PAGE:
View site #952 > ScoreCard for survey #1 > Issue
Introduction | Identification | Impacts | Causes | Actions | More Info
|What can be done to solve this problem?|
Understand the situation. Examine past and current attempts to solve this issue and whether these actions have been effective. You can get a sense of whether Diadema is a problem by simply talking to locals in the community and government officials.
Link the control of Diadema populations with other management actions. Review the management questions in the Reef Check survey to identify who are the managing authorities. The goal is to bring all parts of society and government together to plan how coastal resources will be used or protected. To understand how actions by citizens and the government can be part of a joint effort to manage coral reefs, review the fact sheet on ‘Integrated Coastal Management’. In addition, review the fact sheet on ‘Marine Protected Areas.’ Marine protected areas are a tool that can be used as part of an integrated coastal management strategy.
What can a concerned citizen do to help?
There are several actions that any individual can do to help decrease Diadema impacts on coral reefs. These include:
Increase public understanding of the links between Diadema outbreaks and overfishing and nutrient pollution.
Notify management authorities if you notice an increase in the population levels for Diadema in your area.
Avoid capturing herbivorous fish or predators of Diadema such as triggerfish, porcupine fish, large wrasses, and puffers.
What can managers and decision-makers do to help?
In addition to the above management recommendations for a concerned citizen, resource managers and decision-makers may have additional means available to them to decrease the impacts Diadema have on coral reefs. These include:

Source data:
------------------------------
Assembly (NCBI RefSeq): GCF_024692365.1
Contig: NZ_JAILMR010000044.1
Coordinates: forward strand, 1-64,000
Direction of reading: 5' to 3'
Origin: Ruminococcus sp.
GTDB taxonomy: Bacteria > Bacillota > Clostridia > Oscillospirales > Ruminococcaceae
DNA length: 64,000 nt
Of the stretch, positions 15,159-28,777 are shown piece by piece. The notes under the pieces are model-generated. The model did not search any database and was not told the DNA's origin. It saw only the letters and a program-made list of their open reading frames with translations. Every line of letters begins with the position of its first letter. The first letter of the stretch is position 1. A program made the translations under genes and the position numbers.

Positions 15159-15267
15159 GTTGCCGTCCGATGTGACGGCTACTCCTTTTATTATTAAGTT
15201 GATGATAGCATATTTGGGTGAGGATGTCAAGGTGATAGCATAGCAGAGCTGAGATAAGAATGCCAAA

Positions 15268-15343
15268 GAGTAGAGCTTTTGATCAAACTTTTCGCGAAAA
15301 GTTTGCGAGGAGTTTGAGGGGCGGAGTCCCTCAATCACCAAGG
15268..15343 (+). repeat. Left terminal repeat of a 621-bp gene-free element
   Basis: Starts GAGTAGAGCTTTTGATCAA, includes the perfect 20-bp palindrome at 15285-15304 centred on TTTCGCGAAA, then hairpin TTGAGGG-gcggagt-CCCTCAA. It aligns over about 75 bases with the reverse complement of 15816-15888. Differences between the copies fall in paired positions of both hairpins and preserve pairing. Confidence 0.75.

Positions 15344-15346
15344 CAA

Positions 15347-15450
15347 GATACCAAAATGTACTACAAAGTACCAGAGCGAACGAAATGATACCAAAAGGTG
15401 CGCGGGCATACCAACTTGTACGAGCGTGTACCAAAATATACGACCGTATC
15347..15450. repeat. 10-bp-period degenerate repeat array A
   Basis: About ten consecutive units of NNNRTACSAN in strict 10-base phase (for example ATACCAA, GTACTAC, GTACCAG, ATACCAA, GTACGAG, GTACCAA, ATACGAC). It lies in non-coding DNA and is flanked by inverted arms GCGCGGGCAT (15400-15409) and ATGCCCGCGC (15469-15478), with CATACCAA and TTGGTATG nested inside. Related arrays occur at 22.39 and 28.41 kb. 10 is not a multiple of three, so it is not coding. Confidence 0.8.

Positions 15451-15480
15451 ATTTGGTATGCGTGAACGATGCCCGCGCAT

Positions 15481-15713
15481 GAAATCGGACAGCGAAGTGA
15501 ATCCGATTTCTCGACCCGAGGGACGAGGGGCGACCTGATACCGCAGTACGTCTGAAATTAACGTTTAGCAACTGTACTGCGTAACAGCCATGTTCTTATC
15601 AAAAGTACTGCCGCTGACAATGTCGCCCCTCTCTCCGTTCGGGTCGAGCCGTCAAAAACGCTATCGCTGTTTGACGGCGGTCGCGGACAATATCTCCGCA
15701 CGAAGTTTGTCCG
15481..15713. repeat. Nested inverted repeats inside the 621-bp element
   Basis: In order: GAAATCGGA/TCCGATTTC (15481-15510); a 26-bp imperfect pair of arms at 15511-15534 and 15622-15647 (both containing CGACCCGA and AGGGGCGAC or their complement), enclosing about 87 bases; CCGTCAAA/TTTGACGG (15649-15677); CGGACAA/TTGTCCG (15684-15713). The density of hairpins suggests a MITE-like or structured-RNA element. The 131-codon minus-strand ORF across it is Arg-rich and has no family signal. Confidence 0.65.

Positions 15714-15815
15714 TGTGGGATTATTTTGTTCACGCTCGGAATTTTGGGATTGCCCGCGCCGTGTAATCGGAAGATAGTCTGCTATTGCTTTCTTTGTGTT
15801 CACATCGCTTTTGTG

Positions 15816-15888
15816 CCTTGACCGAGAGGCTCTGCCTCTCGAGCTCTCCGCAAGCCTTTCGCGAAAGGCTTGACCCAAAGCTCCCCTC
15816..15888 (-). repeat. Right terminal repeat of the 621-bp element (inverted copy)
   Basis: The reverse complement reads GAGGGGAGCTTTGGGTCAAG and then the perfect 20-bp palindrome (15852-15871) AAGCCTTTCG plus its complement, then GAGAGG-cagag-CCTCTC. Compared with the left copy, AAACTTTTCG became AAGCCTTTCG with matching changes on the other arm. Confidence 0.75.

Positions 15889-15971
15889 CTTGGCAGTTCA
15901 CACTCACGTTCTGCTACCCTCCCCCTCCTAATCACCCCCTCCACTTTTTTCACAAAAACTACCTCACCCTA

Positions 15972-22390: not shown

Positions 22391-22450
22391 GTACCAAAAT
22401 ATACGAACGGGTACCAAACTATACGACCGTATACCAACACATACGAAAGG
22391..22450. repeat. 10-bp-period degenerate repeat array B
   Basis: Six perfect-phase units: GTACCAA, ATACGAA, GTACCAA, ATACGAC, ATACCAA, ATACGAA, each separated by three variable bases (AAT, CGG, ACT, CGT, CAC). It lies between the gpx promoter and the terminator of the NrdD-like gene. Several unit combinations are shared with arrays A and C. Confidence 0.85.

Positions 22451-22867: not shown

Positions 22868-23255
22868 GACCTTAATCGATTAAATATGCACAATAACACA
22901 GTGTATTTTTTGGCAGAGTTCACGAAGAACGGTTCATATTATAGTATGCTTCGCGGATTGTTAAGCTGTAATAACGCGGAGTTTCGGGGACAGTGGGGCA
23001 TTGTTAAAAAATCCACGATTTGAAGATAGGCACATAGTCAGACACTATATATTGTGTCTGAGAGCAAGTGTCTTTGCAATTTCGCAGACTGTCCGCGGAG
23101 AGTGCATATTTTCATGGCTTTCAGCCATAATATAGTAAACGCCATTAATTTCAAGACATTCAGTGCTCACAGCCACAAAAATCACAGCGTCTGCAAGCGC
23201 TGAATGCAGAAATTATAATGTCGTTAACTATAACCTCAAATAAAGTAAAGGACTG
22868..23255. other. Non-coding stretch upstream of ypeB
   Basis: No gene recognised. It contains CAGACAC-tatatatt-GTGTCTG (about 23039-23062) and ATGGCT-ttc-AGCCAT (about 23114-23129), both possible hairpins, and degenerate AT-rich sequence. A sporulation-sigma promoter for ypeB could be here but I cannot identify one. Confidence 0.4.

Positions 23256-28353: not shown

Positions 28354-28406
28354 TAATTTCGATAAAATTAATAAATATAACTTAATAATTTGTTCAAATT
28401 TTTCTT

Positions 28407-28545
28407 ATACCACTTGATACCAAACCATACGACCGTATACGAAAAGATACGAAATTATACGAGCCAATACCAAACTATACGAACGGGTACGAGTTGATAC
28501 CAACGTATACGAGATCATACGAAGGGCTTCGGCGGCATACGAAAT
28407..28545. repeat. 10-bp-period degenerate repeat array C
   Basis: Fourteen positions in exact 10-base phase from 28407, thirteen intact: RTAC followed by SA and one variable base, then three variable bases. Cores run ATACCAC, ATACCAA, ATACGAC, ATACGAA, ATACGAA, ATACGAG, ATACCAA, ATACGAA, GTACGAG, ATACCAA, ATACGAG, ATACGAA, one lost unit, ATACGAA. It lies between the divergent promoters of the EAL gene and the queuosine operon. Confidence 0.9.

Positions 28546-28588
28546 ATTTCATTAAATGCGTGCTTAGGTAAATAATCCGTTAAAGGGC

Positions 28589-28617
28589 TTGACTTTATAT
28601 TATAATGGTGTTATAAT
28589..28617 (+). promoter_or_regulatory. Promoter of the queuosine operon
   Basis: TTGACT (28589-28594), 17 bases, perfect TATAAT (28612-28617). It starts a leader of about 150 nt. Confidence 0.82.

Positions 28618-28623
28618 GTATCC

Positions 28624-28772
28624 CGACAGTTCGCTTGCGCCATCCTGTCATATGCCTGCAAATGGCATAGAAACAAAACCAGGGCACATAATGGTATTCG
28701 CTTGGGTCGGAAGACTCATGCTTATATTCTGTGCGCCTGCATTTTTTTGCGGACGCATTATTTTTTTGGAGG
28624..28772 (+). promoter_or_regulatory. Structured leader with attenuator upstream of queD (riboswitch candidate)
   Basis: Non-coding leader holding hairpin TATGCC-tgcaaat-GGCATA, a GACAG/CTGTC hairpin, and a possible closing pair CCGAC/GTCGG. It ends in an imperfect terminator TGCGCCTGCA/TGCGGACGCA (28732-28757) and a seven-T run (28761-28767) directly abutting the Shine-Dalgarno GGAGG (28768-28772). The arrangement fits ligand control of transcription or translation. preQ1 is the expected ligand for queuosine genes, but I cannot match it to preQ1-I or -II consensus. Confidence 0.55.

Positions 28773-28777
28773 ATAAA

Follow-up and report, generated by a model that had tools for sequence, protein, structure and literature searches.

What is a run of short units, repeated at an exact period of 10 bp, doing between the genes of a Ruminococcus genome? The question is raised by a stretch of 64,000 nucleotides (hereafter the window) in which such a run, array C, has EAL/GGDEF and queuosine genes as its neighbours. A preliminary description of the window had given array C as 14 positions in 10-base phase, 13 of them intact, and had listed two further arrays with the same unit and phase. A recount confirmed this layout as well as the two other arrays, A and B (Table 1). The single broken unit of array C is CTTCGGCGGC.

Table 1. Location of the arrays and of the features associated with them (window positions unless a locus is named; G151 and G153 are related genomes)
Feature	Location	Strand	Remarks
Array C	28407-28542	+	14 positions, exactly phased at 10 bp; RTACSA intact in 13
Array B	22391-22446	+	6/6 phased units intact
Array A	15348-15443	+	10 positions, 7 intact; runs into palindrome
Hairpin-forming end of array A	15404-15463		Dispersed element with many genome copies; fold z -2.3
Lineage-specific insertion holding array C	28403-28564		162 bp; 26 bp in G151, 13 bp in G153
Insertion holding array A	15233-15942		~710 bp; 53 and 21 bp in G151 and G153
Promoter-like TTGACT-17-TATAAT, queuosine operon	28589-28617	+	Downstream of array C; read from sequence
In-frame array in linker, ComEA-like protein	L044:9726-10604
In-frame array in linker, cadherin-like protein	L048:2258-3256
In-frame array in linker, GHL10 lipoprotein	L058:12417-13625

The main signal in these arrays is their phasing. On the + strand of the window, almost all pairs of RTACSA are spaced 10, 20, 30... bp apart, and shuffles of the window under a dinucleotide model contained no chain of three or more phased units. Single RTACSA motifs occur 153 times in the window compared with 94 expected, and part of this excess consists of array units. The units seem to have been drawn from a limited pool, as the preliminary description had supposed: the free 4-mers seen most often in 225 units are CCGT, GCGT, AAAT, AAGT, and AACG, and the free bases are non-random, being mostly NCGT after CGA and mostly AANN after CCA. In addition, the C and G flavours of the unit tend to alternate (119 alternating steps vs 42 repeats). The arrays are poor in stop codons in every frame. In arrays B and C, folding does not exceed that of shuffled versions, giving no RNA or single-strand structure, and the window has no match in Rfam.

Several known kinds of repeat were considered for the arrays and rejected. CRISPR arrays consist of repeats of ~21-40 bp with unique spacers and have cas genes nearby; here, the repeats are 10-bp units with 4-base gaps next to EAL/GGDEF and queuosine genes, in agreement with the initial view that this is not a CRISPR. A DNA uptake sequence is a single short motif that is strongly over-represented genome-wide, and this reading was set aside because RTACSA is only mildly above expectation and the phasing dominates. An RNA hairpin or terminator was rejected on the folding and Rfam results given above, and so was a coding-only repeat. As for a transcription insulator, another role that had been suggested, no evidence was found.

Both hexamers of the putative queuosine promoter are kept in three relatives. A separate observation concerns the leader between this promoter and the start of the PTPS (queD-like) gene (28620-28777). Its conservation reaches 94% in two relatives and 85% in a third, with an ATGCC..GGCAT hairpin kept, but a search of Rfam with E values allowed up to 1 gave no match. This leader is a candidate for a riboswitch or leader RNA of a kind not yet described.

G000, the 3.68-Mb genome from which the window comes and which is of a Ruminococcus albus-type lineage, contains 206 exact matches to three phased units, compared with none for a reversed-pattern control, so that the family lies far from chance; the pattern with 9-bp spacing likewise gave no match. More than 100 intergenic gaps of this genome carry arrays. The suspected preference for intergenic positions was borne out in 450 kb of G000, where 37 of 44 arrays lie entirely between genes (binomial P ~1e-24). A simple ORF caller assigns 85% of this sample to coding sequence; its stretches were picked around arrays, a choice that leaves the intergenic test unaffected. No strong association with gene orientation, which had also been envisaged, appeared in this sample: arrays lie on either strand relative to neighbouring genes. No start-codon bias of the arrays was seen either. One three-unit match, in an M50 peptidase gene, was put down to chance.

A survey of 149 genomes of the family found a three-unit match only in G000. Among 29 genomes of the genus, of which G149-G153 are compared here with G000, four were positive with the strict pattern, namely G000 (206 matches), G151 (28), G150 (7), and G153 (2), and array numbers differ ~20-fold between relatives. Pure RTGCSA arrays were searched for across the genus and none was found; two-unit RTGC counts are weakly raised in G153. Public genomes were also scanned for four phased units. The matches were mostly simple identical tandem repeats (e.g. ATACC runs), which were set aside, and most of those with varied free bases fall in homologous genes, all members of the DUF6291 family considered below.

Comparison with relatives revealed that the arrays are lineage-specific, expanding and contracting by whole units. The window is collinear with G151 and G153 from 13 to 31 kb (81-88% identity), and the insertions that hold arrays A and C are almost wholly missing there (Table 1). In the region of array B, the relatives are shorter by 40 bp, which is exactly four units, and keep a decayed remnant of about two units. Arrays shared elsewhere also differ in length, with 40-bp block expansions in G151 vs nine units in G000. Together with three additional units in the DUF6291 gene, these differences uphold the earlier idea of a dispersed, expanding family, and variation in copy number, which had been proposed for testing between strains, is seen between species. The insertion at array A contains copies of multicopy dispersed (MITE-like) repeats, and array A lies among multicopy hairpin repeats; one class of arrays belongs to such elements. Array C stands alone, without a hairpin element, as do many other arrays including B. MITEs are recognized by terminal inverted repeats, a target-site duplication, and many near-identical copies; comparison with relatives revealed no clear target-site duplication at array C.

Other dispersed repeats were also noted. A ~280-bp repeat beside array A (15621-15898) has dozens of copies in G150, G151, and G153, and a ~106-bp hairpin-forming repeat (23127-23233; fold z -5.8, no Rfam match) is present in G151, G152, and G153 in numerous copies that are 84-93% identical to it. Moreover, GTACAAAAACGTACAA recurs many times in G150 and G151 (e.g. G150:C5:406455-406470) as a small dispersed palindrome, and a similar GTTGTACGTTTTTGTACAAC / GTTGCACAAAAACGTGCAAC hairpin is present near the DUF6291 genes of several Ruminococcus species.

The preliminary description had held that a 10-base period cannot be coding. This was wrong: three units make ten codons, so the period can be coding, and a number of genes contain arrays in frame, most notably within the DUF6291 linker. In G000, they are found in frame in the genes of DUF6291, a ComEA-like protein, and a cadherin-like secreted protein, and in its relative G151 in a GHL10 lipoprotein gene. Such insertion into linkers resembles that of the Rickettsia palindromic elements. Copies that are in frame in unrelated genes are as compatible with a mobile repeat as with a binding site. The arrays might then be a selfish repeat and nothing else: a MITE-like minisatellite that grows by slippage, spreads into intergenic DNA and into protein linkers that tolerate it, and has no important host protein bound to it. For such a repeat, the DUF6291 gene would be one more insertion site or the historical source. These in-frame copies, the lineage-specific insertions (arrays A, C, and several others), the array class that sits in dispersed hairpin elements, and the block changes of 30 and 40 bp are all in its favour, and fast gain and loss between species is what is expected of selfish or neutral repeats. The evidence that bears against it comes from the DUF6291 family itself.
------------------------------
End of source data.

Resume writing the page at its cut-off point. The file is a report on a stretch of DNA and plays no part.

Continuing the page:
Determine the distribution of Diadema on reefs and assess any damage that may have been caused by them.
Educate the public on the possible links between Diadema outbreaks and overfishing and nutrient pollution.
Address the problems of overfishing and nutrient pollution. Potential strategies could include catch restrictions for prey of Diadema and herbivorous fish. Nutrient reductions need to be addressed on land through decreasing the use of fertilizers, maintaining healthy mangroves, and river buffers. Also avoid siting outfall pipes near reefs and other valuable habitats.
Establish a Diadema fishery in areas where their populations are high. However, the fishery must be monitored in order to ensure that populations are not depleted to levels that would allow algal growth to take over.
? Reduce the population of Diadema in marine protected areas where fishing pressure on herbivorous fish have been reduced. This can be done by physically removing urchins from areas where their numbers have become too big. This has been shown to be an effective reef restoration technique (McClanahan et al 2000).